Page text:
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Sind die Juden wirklich das auserwahlte Volk?
[Only Ed.] Franz Delitzsch
This listing is an independent item not part of any collection
Only edition. 64 pp., 204:130 mm., wide margins, light age staining, stamps. A very good copy bound in contemporary boards, rubbed.
Franz Delitzsch (Julius; 1813–1890), German Protestant theologian, Bible and Judaica scholar. Inspired by Julius Fuerst to devote himself to the study of Judaism, he was appointed professor of theology at the university of his native Leipzig in 1844. Later he taught at Rostock (1846), Erlangen (1850), and again in Leipzig (1867). Though Delitzsch was a devoted Protestant, believing in the supremacy of the New Testament over the Old, he maintained a genuine understanding of, and affection for, Judaism. Well versed in Hebrew and in Semitic languages, as well as in the Talmud and in medieval Jewish literature, Delitzsch was in close touch with the leading Jewish scholars of his time. As a devout Christian, he proselytized among the Jews, wrote several pamphlets for that purpose, and made a new translation of the New Testament into Hebrew (1877, 1901; supposedly with the assistance of A. H. Weiss). In 1863 he founded the missionary magazine, Saat und Hoffnung ("Seed and Hope"), which appeared regularly until 1935. In 1880 he established in Leipzig the Institutum Judaicum (renamed the "Delitzschianum" after his death), for the training of missionary workers among Jews, an institute which was still in existence in Muenster (Germany) in the 1970s. Nevertheless, Delitzsch fought vehemently against defamations of the Talmud by anti-Semitic writers, especially against Rohling's libelous pamphlet Der Talmudjude (1871). Delitzsch's first book, Zur Geschichte der juedischen Poesie vom Abschluss der Heiligen Schriften des Alten Bundes bis auf die neueste Zeit (1836), was the first comprehensive study of the history of Hebrew poetry and a serious attempt to deal with this subject with the accepted tools of literary criticism. In his Bible commentaries, the most important of which are those on Psalms (1859, 1894), on Isaiah (1866–1889), and on Ecclesiastes (1875), his approach was based upon philological analysis. He meticulously adhered to the masoretic text, and, on principle, avoided critical emendations. He mitigated his traditional attitude only in his later writings, in which he accepted some of the tenets of the "source theory" of modern Bible criticism. To this subject he devoted his Complutensische Varianten zum alttestamentischen Texte (1878). Delitzsch assisted Seligmann Baer in his edition of the Hebrew Bible, based upon the masoretic text. Delitzsch edited both Moses Hayyim Luzzatto's Migdal Oz (1857) and the Karaite Aaron b. Elijah's Ez Hayyim (1841, with the assistance of M. Steinschneider). He also wrote Juedisches Handwerkerleben zur Zeit Jesu ("Jewish Artisans in the Time of Jesus," 1868, 1879) and Juedisch-arabische Poesien aus vor-mohammedanischer Zeit ("Pre-Islamic Jewish poetry," 1874). His theological works and New Testament studies include: Die biblisch-prophetische Theologie (1845); System der biblischen Psychologie (1855, 1861); Commentar zum Briefe an die Hebraeer (1857); Jesus und Hillel (also in Hebrew; 1866, 1875); System der christlichen Apologetik (1869). One of his missionary writings, Ernste Fragen an die Gebildeten juedischer Religion ("Serious Questions to the Educated Members of the Jewish Faith," 1888), also appeared in Hebrew under the title Ha'amek She'elah (1912).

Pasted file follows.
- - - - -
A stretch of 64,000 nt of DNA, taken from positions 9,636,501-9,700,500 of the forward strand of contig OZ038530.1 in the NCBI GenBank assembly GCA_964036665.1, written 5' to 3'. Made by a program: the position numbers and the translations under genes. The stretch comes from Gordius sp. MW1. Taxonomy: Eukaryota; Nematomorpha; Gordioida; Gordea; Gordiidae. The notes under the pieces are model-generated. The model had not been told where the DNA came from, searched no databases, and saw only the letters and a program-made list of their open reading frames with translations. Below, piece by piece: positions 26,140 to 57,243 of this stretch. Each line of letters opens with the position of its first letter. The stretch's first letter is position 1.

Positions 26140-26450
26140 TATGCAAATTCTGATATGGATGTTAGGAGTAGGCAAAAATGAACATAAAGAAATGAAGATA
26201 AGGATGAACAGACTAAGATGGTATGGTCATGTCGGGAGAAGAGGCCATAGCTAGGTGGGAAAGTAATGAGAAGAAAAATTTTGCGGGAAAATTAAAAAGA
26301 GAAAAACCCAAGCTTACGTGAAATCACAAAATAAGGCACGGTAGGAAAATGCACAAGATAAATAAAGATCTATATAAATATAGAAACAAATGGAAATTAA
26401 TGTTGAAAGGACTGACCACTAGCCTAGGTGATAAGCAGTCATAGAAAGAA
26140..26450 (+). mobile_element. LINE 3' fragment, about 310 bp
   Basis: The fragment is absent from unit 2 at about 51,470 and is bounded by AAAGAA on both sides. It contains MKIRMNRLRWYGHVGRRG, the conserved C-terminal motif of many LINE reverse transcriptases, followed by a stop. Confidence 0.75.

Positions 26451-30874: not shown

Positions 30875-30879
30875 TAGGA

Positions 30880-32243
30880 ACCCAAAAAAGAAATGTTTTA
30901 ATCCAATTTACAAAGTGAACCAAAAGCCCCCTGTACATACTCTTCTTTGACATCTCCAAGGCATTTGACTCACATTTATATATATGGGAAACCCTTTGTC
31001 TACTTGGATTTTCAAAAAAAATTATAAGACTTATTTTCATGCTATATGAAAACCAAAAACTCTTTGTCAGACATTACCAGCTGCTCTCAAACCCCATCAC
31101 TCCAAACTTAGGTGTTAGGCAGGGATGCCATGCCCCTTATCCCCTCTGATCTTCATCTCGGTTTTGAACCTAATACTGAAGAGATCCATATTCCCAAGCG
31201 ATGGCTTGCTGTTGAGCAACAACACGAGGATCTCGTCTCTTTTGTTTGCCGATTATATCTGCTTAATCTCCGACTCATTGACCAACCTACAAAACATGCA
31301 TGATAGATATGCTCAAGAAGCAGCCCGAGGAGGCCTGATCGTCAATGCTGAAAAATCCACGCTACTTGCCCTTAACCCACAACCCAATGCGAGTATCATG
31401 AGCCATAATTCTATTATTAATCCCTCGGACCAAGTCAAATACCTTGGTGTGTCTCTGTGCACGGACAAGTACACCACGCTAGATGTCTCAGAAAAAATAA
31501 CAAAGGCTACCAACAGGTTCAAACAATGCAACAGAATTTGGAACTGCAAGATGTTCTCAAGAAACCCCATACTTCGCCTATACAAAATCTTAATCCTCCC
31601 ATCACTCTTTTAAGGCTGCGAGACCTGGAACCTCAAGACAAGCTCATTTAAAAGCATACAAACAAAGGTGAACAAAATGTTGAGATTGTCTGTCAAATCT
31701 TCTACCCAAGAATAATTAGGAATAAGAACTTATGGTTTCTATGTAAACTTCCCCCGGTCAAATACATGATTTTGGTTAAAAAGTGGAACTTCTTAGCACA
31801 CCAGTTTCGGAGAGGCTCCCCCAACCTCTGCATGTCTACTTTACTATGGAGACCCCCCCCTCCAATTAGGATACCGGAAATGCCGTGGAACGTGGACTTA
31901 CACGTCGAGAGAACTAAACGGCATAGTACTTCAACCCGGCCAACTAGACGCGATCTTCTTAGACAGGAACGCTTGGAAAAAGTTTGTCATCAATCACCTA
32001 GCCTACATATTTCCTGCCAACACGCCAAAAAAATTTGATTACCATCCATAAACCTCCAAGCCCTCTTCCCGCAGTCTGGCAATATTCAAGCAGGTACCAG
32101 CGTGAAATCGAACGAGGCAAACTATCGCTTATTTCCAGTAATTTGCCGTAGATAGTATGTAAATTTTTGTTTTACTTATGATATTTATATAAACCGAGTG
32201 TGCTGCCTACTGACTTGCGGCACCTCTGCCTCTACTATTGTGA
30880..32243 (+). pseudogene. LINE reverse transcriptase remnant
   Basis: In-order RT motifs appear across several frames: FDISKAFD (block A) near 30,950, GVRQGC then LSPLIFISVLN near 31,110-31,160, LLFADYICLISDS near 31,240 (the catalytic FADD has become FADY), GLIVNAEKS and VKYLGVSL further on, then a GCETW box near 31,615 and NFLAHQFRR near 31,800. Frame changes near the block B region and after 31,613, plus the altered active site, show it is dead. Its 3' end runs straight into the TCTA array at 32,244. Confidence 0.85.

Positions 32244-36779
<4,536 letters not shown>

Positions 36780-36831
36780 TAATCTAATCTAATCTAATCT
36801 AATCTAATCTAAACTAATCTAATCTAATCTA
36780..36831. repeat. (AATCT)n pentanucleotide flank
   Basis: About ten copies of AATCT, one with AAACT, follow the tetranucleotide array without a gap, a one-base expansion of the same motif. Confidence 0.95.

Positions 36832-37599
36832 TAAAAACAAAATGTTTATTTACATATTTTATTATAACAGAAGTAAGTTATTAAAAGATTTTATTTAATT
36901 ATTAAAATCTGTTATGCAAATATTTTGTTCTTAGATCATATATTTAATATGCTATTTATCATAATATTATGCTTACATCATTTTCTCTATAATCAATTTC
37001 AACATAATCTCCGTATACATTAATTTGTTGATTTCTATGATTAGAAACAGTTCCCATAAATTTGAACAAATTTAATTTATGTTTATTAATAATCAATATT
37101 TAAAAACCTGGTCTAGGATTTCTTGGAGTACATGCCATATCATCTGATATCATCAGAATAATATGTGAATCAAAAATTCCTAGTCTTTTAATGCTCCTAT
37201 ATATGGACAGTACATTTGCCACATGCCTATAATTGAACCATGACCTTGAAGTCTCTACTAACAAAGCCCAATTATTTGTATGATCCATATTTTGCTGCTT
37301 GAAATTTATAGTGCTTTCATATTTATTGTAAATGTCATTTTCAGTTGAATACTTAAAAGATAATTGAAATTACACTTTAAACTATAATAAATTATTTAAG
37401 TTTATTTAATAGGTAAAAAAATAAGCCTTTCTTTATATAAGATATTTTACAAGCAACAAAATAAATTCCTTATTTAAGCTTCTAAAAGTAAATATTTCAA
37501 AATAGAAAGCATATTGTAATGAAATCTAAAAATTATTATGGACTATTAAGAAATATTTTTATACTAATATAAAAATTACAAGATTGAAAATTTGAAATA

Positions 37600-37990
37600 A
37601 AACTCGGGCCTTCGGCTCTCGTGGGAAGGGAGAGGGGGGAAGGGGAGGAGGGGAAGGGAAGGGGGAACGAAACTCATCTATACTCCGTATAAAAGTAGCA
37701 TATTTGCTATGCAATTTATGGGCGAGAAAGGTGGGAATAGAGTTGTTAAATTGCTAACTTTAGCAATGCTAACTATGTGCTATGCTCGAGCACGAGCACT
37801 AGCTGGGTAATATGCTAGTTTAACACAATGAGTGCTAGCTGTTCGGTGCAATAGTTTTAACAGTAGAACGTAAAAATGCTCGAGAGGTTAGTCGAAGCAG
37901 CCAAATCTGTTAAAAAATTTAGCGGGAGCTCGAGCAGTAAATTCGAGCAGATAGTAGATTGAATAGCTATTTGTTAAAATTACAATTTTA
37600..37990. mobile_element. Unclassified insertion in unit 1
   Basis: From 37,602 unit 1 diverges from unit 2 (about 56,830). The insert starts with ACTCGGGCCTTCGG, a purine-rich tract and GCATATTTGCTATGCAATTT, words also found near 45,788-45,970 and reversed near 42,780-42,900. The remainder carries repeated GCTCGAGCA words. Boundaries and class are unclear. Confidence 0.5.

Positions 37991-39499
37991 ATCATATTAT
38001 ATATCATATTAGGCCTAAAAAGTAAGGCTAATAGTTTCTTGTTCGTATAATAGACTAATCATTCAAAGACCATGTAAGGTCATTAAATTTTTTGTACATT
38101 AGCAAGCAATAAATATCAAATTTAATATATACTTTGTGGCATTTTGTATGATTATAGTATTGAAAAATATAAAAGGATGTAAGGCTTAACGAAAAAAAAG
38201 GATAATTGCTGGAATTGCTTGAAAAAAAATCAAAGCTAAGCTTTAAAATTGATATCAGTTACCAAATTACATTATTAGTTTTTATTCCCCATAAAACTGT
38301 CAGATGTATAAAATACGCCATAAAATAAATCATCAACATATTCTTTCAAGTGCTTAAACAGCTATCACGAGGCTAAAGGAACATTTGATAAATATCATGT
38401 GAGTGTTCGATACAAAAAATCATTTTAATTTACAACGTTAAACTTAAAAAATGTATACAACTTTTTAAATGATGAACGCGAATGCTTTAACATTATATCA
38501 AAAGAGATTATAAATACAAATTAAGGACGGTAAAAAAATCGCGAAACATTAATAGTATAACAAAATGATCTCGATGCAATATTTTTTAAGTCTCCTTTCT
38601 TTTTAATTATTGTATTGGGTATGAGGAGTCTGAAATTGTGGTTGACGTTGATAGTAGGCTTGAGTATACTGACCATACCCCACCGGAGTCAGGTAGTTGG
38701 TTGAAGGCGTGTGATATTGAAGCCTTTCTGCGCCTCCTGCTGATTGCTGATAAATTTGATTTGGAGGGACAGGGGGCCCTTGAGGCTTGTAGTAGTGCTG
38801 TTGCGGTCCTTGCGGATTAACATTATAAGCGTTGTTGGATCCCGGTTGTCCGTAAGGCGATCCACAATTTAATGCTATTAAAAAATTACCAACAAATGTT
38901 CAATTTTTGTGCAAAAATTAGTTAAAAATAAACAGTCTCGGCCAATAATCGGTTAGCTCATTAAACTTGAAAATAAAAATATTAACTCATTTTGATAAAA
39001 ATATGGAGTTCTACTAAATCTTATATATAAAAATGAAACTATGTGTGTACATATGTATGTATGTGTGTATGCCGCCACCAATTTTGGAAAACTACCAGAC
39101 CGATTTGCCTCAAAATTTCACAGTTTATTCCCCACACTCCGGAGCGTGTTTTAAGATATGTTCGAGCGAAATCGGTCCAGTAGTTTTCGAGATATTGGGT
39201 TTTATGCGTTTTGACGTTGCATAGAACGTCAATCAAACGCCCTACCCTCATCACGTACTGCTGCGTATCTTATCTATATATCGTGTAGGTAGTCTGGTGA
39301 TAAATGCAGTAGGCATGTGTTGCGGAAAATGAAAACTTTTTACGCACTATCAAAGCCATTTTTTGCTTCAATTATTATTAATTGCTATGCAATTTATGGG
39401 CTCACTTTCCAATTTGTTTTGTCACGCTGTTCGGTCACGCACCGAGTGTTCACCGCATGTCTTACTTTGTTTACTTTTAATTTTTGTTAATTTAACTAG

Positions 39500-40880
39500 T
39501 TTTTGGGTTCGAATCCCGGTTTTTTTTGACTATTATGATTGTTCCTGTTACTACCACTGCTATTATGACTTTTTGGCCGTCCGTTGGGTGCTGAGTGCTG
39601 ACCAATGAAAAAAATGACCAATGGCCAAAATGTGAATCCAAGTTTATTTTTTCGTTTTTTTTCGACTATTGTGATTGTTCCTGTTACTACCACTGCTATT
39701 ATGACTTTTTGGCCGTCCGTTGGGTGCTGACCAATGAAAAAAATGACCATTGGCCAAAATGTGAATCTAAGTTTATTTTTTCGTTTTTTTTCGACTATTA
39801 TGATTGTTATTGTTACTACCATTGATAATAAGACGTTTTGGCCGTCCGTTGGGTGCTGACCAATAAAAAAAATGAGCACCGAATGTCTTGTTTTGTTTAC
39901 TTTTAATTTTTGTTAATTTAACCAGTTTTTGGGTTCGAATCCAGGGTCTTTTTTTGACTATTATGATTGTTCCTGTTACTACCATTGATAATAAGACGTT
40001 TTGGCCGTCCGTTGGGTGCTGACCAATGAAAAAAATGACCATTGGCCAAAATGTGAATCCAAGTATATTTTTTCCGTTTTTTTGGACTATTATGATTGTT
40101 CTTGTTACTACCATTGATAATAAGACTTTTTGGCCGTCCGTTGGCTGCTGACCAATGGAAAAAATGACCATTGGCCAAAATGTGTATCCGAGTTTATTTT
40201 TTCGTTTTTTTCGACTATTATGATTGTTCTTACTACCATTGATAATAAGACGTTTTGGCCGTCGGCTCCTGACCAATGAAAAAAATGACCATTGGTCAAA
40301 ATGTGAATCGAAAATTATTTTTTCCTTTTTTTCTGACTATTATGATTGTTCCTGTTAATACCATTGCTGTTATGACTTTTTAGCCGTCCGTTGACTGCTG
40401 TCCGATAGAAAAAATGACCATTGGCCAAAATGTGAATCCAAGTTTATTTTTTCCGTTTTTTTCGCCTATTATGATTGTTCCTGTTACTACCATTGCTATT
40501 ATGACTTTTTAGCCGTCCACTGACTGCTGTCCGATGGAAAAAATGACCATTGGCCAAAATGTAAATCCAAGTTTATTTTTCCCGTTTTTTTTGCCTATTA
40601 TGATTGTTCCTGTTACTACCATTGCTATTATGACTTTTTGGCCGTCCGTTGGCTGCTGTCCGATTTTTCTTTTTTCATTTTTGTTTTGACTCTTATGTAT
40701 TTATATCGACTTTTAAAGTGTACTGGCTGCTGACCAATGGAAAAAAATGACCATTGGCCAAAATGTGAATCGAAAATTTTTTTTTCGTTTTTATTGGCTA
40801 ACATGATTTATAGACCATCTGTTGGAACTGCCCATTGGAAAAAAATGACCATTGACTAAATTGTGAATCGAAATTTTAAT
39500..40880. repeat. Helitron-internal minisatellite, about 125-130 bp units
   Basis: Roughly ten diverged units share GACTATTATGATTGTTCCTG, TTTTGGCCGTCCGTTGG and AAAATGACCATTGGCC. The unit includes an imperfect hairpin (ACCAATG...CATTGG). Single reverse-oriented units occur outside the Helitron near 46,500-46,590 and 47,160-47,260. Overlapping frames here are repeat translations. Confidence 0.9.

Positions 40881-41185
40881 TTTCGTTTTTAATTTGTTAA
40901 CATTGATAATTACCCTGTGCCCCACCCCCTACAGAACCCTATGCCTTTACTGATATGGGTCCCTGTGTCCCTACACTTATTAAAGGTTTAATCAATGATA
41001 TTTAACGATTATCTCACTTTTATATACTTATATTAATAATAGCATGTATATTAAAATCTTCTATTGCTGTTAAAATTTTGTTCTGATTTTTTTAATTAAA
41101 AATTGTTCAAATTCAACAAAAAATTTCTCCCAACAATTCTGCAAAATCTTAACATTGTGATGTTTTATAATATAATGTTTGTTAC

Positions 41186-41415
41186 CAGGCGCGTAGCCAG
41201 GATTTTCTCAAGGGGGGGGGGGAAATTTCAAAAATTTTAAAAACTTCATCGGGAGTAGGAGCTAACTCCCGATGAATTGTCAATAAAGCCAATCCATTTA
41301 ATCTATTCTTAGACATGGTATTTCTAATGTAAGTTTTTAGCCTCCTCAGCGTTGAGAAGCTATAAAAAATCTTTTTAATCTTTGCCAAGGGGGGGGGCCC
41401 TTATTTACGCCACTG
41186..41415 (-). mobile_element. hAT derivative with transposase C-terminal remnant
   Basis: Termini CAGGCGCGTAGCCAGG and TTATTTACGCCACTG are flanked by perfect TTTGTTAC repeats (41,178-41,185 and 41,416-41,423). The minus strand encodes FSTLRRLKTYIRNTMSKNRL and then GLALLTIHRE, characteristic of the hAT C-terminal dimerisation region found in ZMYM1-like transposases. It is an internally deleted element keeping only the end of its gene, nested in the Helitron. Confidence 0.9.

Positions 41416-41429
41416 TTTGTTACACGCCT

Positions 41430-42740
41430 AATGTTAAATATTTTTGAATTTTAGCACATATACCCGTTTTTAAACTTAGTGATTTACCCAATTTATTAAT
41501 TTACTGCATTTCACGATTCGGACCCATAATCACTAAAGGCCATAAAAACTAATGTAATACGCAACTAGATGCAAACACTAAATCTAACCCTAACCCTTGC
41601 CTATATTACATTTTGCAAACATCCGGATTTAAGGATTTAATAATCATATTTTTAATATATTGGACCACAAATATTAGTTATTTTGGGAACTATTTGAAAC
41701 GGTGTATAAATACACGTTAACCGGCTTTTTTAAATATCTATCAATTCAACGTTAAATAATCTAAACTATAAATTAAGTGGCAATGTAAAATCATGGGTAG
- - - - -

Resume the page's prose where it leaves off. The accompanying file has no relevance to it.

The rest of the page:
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Kind of Judaica